Want to increase your chances of buying a home below current real estate values? Just look for a seller who didn’t listen to his agent.
The best real estate agents encourage their sellers to do whatever it takes to get the home in its absolute best condition before going to market. The better the home shows, the more likely the seller will get top dollar.
For various reasons, though, many sellers protest suggested fixes. They don’t want to be inconvenienced, don’t believe the fixes will matter, or don’t have the necessary money. Inevitably, this means the buyer will get a discount on the property. For instance, is there a home for sale in a good neighborhood that is priced well but isn’t selling? This is the home to investigate, because the chances are the seller didn’t listen to his agent.
Here are some tell-tale signs to look for.
* Big furniture, or a lot of furniture.
Often, a seller may have a lot of furniture in one room, which makes that room look small. Real estate agents and professional home stagers know this all too well. Stagers always suggest a small loveseat over a full-blown couch or sectional sofa, for instance. Also, in the bedrooms, king beds often take up too much space. So a stager will often push the seller to swap it out for a queen or full-sized bed.
If you visit a house that seems crowded with furniture, imagine the rooms with fewer or smaller pieces. Be aware that lots of would-be buyers won’t get past how small the rooms look. They’ll probably move on to a home that feels bigger. This could give you room to negotiate a good deal with the seller.
* Dark rooms.
There was a home in West Hartford, CT on a great block. But the interior was dark. Three large French doors in the living room led to a deck, but the doors were stained black. To make matters worse, the carpet was brown and the window coverings were big and heavy. No surprise, then, that the house sat on the market for months, even though it was priced in line with current market values. Every buyer walked in and out because the house was so dark.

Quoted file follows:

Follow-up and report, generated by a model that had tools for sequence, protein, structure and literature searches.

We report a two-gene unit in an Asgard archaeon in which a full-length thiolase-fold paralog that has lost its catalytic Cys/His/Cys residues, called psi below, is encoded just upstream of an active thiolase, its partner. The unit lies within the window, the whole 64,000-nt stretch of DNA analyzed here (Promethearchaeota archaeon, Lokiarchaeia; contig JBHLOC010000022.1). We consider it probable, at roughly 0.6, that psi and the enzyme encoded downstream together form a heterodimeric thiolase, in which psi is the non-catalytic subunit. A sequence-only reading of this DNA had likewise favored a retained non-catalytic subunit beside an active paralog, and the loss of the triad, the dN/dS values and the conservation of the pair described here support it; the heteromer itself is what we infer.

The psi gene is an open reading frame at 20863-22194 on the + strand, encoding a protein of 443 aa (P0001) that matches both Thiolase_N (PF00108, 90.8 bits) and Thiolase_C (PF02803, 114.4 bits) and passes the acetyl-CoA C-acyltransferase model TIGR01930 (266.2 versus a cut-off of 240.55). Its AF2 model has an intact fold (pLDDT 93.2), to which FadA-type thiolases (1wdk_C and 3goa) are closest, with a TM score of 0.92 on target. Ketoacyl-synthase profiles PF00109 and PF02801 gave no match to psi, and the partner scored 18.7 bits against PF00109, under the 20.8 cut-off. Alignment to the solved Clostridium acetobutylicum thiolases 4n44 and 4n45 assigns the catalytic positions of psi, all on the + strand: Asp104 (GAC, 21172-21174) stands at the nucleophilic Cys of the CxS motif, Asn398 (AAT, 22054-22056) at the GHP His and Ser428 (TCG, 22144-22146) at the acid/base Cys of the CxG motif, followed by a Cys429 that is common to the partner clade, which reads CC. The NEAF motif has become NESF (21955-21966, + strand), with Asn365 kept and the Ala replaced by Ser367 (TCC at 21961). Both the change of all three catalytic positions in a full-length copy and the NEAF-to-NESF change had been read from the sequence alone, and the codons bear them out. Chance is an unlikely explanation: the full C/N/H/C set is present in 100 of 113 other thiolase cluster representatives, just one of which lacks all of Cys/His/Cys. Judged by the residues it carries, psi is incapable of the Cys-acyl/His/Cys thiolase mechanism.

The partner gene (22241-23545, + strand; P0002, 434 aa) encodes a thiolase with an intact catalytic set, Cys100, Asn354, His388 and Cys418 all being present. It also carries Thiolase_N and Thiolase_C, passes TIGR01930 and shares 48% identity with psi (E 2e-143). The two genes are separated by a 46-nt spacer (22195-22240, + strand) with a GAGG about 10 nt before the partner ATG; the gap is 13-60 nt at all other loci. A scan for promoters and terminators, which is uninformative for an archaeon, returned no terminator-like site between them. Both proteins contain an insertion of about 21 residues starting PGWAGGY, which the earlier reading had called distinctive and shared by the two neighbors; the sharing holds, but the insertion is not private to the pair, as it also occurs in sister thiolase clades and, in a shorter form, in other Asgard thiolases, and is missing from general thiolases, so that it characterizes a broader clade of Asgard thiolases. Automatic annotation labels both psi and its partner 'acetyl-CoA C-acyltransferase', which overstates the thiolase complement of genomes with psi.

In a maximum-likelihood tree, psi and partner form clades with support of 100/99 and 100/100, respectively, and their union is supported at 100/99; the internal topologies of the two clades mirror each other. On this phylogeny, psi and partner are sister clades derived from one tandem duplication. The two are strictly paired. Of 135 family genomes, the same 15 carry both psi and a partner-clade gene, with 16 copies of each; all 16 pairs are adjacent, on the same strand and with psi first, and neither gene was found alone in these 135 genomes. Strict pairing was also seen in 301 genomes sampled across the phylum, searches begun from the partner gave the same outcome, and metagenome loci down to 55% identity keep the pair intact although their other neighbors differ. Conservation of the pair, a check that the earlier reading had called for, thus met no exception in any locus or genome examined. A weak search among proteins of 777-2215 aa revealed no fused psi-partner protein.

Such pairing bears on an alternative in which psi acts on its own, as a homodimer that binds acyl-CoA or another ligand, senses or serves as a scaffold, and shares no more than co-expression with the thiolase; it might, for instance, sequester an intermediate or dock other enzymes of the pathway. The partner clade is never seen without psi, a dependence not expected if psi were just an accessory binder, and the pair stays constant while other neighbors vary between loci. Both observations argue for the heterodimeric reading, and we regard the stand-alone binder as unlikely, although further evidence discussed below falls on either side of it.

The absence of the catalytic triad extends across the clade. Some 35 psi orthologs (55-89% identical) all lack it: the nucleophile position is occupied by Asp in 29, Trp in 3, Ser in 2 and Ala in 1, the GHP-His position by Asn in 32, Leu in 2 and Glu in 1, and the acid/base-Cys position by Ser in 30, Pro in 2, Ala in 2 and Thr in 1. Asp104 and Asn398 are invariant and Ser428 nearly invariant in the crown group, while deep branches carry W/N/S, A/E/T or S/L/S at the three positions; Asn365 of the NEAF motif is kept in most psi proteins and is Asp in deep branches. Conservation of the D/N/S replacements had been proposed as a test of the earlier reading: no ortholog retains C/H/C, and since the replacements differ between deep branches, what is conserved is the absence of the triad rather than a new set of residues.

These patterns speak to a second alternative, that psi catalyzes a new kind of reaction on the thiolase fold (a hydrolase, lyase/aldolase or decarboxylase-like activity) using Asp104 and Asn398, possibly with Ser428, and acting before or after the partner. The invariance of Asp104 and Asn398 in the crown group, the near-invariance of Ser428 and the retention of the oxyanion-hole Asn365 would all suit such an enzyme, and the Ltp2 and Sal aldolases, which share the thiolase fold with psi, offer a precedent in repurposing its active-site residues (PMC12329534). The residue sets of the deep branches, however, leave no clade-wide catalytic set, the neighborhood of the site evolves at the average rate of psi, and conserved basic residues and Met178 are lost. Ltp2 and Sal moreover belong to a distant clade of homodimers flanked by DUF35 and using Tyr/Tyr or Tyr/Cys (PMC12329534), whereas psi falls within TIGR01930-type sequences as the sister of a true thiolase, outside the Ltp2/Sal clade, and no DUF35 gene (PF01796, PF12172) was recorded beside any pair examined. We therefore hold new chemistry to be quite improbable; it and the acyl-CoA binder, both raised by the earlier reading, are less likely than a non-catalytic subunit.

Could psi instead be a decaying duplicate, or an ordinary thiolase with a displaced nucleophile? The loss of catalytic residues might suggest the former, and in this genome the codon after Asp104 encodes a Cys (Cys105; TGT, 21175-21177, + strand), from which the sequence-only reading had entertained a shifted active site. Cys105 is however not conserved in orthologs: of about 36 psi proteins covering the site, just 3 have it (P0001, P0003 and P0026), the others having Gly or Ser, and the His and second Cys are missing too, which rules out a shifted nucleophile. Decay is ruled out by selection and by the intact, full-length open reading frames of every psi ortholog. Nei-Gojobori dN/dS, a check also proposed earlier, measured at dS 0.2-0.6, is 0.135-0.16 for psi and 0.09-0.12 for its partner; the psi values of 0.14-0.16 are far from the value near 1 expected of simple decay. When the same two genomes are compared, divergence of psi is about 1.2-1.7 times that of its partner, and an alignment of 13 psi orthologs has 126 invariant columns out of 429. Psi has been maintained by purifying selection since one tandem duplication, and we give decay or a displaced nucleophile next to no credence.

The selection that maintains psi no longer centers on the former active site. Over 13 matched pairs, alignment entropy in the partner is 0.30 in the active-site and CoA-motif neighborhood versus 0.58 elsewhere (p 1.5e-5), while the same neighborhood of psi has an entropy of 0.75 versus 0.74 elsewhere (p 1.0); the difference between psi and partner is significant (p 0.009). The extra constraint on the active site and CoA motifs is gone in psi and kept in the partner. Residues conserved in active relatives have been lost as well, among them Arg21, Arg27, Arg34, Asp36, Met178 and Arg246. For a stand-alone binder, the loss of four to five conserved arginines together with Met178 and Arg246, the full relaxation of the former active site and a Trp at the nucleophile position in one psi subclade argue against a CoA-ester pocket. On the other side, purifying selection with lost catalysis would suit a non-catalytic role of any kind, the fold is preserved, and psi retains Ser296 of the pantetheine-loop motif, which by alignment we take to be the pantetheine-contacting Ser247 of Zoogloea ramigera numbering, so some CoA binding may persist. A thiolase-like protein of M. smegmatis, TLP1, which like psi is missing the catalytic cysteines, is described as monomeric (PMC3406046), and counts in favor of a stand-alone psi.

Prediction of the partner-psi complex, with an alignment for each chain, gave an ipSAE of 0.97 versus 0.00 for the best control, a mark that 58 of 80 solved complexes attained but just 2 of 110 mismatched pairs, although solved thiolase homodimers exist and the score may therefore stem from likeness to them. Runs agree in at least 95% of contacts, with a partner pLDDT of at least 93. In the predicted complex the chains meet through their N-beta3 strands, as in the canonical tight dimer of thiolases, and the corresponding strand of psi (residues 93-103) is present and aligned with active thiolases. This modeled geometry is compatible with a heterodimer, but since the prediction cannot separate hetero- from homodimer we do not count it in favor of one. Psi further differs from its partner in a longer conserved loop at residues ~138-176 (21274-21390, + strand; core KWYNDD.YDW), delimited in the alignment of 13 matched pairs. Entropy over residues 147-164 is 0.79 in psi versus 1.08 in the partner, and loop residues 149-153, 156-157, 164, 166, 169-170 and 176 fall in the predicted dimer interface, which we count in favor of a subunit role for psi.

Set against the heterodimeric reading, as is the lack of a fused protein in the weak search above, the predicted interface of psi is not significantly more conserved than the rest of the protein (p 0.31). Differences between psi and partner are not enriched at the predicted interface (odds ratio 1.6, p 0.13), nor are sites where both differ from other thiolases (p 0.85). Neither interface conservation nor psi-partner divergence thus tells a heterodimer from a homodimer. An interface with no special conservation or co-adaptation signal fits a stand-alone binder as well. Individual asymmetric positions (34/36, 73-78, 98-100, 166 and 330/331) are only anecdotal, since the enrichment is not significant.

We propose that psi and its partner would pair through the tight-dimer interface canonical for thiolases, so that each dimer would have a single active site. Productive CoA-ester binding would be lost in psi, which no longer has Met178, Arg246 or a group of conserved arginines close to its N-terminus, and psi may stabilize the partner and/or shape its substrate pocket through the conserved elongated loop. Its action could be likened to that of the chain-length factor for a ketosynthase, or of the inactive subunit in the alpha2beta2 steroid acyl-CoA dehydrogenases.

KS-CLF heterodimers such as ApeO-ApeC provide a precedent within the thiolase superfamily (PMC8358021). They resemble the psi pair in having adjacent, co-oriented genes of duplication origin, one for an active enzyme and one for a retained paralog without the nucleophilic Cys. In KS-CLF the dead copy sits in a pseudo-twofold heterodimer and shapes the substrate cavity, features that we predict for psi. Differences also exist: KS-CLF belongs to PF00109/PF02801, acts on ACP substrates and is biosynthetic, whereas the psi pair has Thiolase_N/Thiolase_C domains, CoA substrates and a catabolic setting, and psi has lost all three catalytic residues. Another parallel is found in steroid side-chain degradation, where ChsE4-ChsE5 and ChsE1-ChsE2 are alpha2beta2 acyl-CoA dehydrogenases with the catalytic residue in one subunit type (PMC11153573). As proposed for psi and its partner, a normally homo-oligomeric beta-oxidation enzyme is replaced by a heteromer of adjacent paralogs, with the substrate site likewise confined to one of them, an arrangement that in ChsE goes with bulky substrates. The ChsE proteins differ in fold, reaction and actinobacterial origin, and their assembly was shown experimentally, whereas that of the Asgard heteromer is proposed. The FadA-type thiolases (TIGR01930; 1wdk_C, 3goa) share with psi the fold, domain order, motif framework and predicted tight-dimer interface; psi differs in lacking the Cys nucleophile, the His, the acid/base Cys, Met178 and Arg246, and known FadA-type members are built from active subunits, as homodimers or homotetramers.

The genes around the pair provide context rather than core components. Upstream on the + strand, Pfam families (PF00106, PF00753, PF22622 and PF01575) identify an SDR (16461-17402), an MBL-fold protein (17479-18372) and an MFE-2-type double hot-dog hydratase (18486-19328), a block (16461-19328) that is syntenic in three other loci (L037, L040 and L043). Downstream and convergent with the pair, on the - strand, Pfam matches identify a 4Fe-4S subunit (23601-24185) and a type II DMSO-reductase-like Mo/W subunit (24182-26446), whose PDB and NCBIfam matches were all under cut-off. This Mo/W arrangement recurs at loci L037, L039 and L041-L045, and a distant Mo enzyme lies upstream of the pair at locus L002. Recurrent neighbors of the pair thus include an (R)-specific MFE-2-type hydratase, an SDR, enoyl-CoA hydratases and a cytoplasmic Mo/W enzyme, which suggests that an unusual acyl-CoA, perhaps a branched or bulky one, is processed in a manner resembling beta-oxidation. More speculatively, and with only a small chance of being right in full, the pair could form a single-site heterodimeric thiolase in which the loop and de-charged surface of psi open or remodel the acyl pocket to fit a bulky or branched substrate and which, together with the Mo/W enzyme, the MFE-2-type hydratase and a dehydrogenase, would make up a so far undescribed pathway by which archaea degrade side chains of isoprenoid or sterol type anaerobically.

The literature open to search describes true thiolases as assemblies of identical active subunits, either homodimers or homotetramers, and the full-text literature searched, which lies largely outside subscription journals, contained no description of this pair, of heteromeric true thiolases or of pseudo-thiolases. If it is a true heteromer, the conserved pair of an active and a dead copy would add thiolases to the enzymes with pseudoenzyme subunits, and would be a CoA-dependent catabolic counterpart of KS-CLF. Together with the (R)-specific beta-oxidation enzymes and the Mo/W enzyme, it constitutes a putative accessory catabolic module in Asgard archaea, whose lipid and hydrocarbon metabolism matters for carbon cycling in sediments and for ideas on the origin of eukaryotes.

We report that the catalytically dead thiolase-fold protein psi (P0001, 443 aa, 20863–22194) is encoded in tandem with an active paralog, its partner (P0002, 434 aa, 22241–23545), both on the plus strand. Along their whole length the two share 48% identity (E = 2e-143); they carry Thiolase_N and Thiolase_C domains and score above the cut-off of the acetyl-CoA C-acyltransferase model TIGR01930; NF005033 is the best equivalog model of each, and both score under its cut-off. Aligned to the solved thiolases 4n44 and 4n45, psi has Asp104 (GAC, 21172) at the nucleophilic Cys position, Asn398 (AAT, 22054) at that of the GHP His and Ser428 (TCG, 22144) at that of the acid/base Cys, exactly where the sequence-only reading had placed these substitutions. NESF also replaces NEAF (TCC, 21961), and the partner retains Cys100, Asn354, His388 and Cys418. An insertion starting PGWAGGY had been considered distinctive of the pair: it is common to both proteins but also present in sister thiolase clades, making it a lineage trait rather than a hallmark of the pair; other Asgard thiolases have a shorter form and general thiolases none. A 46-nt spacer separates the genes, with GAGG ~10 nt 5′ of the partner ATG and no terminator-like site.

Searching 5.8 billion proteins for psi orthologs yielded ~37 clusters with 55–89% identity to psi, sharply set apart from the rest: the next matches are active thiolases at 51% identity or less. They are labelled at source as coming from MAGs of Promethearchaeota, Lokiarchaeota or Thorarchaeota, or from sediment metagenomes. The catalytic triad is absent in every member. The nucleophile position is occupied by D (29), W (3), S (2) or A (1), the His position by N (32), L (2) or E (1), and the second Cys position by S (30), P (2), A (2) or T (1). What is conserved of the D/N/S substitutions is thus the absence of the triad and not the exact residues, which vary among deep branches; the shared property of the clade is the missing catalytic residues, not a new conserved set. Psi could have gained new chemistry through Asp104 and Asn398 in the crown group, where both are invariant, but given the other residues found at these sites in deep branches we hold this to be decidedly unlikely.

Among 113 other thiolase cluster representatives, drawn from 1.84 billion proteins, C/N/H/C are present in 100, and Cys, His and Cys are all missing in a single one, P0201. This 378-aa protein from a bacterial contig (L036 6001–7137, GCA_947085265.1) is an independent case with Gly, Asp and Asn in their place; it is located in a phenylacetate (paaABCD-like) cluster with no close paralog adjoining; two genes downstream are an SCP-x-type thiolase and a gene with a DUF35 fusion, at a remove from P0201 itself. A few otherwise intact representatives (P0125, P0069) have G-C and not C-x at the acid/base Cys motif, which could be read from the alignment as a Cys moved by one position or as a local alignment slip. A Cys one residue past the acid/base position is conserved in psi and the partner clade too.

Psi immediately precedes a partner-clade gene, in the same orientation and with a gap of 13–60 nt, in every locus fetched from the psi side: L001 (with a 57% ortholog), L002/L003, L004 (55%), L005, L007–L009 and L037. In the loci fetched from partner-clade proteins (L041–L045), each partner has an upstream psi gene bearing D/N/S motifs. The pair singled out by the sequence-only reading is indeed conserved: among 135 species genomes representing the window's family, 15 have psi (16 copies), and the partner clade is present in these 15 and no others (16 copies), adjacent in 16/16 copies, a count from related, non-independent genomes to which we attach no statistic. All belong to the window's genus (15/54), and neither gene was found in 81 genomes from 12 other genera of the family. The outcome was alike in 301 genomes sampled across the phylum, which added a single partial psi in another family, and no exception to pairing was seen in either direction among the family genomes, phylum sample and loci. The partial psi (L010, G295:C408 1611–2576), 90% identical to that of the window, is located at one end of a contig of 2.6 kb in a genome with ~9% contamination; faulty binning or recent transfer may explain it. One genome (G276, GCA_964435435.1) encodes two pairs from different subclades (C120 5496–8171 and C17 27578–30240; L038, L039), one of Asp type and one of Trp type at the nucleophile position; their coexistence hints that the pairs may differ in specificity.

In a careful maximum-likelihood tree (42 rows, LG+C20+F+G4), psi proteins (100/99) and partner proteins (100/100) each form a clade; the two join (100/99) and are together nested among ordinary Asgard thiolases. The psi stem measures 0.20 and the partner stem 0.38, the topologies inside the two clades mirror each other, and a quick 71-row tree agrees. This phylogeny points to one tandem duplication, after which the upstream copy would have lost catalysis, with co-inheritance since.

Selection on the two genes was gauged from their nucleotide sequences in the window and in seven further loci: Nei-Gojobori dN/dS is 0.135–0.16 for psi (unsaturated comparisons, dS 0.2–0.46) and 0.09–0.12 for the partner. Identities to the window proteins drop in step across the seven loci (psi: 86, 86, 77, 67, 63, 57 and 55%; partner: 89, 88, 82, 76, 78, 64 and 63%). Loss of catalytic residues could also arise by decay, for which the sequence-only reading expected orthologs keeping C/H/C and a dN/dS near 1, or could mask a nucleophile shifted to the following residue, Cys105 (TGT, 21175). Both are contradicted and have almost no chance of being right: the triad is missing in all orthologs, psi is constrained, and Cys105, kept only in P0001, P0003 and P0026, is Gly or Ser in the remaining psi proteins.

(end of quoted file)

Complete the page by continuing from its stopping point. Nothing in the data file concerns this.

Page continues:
After the home sat for three months on the market, a savvy buyer offered $40K below asking and ended up getting it. Before moving in, the buyer ditched the window coverings, stripped the stain on the doors and painted them white, pulled up the old carpet, and had the floors stained to a lighter oak. The buyer’s total cost: $9K, which instantly added $31,000 to his equity.
* Grandma or Bambi staring down from the walls.
Buyers are looking to see themselves—not the current owners—in a home. Too often, however, the seller hasn’t ‘de-personalized’ his home enough, if at all, despite his agent’s advice. And so potential buyers visiting the home see walls decorated with diplomas, family photos, awards, and trophies. Moose and deer heads hanging on walls are sure-fire deal killers, especially when the hunting rifle used to kill Bambi is proudly displayed, too. All of this stuff is a turn-off to most buyers, and they walk away.
Before you walk away, ask yourself a few questions. Are the bones of the house good? Does it have the floor plan you like? Are the kitchens and baths in acceptable condition? Is it in an area where you want to live? If you say ‘yes’ to all of these things, hang around a little longer. Imagine the home without the sellers’ junk. You might get a great deal.